Acknowledged as one of the greatest achievements of modern scholarship, Arnold Toynbee's A Study of History is a ten-volume analysis of the rise and fall of human civilizations. Contained in two volumes, D.C. Somervell's abridgement of this magnificent enterprise preserves the method, atmosphere, texture, and, in many instances, the very words of the original. First published in 1947 and 1957, these two volumes are themselves a great historical achievement. Volume 2, which abridges Volumes VII-X of Toynbee's study, includes sections on Universal States, Universal Churches, Heroic Ages, Contacts Between Civilizations in Space, Contacts Between Civilizations in Time, Law and Freedom in HIstory, The Prospects of the Western Civilization, and the Conclusion.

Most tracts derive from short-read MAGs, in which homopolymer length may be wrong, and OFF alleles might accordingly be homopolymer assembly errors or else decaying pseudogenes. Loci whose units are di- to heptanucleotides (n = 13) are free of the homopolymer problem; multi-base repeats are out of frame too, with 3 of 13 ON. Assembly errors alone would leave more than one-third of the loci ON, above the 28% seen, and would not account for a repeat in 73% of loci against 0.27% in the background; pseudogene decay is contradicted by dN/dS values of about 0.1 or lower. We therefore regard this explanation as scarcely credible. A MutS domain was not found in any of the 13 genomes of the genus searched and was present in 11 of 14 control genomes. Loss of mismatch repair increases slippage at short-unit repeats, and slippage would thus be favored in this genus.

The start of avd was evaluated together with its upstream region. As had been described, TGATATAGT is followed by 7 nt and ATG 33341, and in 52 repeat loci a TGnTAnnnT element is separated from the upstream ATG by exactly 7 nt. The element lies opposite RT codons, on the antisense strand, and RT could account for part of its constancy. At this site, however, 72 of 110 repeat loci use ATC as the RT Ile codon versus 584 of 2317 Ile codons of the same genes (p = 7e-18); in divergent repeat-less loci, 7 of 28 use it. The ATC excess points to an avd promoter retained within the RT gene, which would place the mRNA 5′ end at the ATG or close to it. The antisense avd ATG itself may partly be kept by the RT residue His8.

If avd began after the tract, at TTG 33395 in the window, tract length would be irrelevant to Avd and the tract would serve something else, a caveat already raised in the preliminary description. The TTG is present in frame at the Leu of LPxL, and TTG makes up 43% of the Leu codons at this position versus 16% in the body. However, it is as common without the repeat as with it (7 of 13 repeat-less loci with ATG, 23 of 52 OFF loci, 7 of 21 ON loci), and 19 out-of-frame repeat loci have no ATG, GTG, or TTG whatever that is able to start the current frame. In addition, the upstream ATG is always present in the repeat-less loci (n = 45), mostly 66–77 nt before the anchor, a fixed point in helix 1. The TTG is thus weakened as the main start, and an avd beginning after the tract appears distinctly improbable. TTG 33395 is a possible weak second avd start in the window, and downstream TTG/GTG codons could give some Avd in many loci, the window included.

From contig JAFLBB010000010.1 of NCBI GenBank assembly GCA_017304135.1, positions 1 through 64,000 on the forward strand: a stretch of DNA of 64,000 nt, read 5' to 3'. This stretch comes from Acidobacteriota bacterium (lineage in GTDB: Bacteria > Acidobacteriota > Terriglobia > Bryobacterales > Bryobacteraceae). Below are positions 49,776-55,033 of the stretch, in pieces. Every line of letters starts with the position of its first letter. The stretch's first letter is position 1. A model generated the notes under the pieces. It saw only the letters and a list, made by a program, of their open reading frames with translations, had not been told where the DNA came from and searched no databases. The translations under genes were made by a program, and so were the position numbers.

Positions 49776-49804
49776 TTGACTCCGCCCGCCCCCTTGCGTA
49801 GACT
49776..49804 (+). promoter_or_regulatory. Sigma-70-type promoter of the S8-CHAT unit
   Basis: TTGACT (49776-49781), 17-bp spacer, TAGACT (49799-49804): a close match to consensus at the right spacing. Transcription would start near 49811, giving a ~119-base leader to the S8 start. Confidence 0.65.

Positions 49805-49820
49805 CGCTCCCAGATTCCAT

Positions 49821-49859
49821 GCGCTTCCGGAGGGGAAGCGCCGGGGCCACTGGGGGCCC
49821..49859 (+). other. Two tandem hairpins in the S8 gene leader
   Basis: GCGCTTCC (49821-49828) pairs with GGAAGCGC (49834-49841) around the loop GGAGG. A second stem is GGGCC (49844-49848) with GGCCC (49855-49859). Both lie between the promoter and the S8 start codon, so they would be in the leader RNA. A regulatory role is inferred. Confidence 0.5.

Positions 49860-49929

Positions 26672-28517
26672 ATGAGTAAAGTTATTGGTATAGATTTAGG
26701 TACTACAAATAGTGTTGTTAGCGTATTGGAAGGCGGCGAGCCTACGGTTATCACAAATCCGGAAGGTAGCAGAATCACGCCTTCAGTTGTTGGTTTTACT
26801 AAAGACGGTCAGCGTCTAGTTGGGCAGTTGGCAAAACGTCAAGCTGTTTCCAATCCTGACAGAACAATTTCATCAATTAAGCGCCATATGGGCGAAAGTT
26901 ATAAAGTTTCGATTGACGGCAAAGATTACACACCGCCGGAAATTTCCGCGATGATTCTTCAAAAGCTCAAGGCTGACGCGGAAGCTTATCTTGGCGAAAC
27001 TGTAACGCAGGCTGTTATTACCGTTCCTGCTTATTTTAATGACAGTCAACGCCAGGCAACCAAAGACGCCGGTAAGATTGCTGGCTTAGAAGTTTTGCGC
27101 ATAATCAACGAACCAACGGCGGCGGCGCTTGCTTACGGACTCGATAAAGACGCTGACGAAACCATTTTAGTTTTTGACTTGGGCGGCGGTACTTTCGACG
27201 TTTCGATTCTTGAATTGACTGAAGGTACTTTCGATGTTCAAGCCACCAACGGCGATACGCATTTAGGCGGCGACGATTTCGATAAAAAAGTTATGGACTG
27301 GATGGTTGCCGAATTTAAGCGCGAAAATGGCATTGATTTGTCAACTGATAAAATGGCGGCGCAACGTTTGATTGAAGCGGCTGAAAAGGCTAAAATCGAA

Of Somervell's work, Toynbee wrote, "The reader now has at his command a uniform abridgement of the whole book, made by a clear mind that has not only mastered the contents but has entered into the writer's outlook and purpose.
``Kennedy, a history professor at Yale, here assesses the interaction between economics and strategy over the past five centuries,'' reported PW , concluding that ``the book is a vigorous entry in the debate over the extent to which national wealth should be used for military purposes.''